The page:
by Hilary Kramer | October 9, 2013 10:30 am
I’ll be the first one to admit that I’ve been a pretty harsh cynic when it comes to most IPOs. And if you know me, then you know I almost always avoid them; and for good reason, too.
We see the same story play out over and over again: A hot company files to go public, and when trading actually begins months later, shares soar the first day, or over the first few sessions. The stock pops 25%, 50%, even 100%, and the well-connected privileged few who were actually able to get shares at the IPO price make out like bandits. It seems as if the stock will always go up and you missed your chance to get in on the ground floor.
But that’s only one side of the story. Often times, some or all of those early profits are given back, and then there are the IPOs that start out as duds. Facebook (FB) offers a lesson in the pitfalls of IPO investing. The company went public in May of 2012, and shares promptly imploded. After initially pricing at $39 and finishing the first day of trading below that level (usually an ominous sign for a “hot new issue”), over the next few months they crashed by half to the mid-teens.
However, fortunes have reversed since then, of course, as the stock is now trading about 15% above the offering price. Numbers have been impressive for the company as well, as revenues were up more than 50% in the latest quarter versus a year ago. And of course there’s that staggering number of Facebook users: a billion and counting.
For 2013, it looks like times are changing. Though the IPO market has been on a tear this year — Renaissance Capital recently estimated that the number of companies filing in 2013 was up 40% over 2012 — there’s still time to take a breath and examine the companies going public. There are both scheduled debuts and those companies that have filed with the SEC to go public over the next few weeks and months.
My biggest advice? Trading may be frenzied when an IPO comes to market, so it’s important to use the same techniques to “know what you own” as any other stock that makes its way into your portfolio.
With the market so hot right now, I thought you might find it interesting and helpful to talk about the hottest IPOs — both those coming to market and those with lots of buzz surrounding them. We’ll start with two of the biggest: Twitter and Square.
Twitter is the latest social media behemoth with plans to enter the public markets–possibly the most buzzed about IPO this fall. Most IPO industry watchers think Twitter will come to market before 2013 ends. Last week, the company’s S-1 form was released, revealing an inside look at the company’s numbers. Revenues for 2012 were $316.9 million, with a loss of $79.4 million; and in the first half of 2013 they’ve already earned $253.6 million with a loss of $69.3 million. Yes, you read that right. Twitter is still losing money. However, investors are going to bet on continued growth in sales, which have outpaced expenses in the last three years.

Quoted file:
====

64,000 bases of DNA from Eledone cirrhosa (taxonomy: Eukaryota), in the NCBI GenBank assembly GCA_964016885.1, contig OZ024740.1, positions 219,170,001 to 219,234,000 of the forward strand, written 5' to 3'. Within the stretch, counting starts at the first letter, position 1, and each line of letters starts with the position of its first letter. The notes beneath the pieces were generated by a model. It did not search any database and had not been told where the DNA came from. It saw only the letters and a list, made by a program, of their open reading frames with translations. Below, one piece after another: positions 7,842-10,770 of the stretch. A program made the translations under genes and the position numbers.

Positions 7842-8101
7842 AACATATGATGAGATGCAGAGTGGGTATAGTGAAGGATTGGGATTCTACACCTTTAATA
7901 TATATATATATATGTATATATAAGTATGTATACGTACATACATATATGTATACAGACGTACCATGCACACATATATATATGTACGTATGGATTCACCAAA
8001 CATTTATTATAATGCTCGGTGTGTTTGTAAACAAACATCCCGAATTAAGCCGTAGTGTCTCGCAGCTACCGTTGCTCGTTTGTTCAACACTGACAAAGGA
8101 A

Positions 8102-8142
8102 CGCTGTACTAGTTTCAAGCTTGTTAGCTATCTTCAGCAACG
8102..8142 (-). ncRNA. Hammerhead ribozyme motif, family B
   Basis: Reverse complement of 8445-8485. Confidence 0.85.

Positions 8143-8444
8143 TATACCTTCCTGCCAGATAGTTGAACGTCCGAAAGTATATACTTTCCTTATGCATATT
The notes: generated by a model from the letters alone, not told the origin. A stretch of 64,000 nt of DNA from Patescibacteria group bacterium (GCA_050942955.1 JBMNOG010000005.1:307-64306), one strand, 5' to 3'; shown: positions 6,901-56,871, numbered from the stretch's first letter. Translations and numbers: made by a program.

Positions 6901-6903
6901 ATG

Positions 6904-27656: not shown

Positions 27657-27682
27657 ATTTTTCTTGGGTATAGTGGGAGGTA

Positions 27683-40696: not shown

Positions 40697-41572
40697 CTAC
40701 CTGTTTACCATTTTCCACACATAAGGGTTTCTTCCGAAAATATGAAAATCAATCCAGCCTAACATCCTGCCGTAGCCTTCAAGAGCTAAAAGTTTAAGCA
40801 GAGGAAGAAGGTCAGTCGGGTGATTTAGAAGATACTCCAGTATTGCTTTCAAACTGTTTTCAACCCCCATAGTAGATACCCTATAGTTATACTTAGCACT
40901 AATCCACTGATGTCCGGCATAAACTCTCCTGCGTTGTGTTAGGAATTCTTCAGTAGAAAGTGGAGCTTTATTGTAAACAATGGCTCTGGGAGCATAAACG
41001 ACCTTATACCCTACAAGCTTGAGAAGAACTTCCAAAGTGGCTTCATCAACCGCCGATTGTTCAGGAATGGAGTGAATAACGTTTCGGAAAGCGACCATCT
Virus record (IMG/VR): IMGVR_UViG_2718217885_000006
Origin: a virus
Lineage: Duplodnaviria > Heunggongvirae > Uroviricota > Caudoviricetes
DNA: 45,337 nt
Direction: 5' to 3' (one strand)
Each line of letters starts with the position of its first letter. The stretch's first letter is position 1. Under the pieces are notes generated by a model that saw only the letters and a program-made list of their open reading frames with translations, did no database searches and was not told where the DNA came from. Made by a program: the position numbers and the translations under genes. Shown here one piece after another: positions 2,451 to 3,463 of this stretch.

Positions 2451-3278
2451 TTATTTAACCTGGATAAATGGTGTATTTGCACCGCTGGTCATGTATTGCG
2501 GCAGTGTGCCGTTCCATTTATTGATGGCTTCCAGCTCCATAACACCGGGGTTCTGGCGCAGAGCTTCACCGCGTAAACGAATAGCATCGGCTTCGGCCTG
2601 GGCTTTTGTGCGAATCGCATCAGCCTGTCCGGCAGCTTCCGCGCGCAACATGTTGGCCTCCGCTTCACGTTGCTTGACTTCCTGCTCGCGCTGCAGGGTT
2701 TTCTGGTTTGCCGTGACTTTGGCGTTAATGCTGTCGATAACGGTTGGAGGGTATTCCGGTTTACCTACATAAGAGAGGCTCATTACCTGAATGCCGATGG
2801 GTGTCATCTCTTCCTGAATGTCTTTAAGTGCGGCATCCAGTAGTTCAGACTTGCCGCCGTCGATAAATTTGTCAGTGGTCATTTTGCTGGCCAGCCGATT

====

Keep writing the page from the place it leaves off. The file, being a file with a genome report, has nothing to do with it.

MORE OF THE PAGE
I do like their business model; Twitter’s ad-driven revenue model makes sense because promoted tweets and hashtags can help bring people together instantaneously. I also believe that Twitter will continue to be huge in mobile advertising. Really, really huge. 18% of ALL interest users are on Twitter, giving it a big global presence. Some reports even say that Twitter could garner as much as $1 billion in revenue next year, and be worth $9 billion or more after it goes public.
While I am a big fan of Twitter, I will not be jumping on the bandwagon as soon as it comes to market. Let’s face it, the market is littered with the debris of social media stocks like Zynga (ZNGA), Groupon (GRPN) and for a while, Facebook. Investors become disenchanted with sky-high valuations on companies investing a lot to grow their top lines, with little to show for it in net income. But this “micro blog” company is here to stay, and I think it’s the best way to play social media, with perhaps the best strategy being to wait for the shares to go public, let the frenzy die down, and then buy on a pullback.
Square’s co-founder, Jack Dorsey, is also the co-founder of Twitter. (The man clearly knows how to create game-changing companies!) Square has been rumored to be an IPO candidate for months; by the time the shares are listed you should be looking for a good entry point. Electronic payments have become a fast-growing alternative to cash, and Square is right in the vanguard of that revolution.
Square enables transactions just about anywhere and between just about any buyer and seller, from large companies to the smallest “mom n’ pop” stores and even between individuals. A seller just has to swipe a buyer’s card through a Square card reader, and the payment goes through — on virtually any device. There’s even Square Wallet, which lets iPhone users pay without having to take out their phone.
There’s no doubt that the cash-less society is evolving. Square gets revenues from taking about a 2.75% slice of the payments its devices process — and management recently said it is processing at least $15 billion in transactions annually. That doesn’t even include a deal with Starbucks where Square Wallet lets you use the app to pay in the store with a simple tap on your mobile device screen.
Square competes in a crowded space, as many companies want to own a piece of electronic payments. Even credit card companies are offering their own card readers, with lower fees. While a “price war” may eventually overtake technology and impact Square’s sales growth, that impact is a long way away. For now, Square has a real lock on payment via mobile technology.
Make sure to check back next week for the next two companies on my IPO list!
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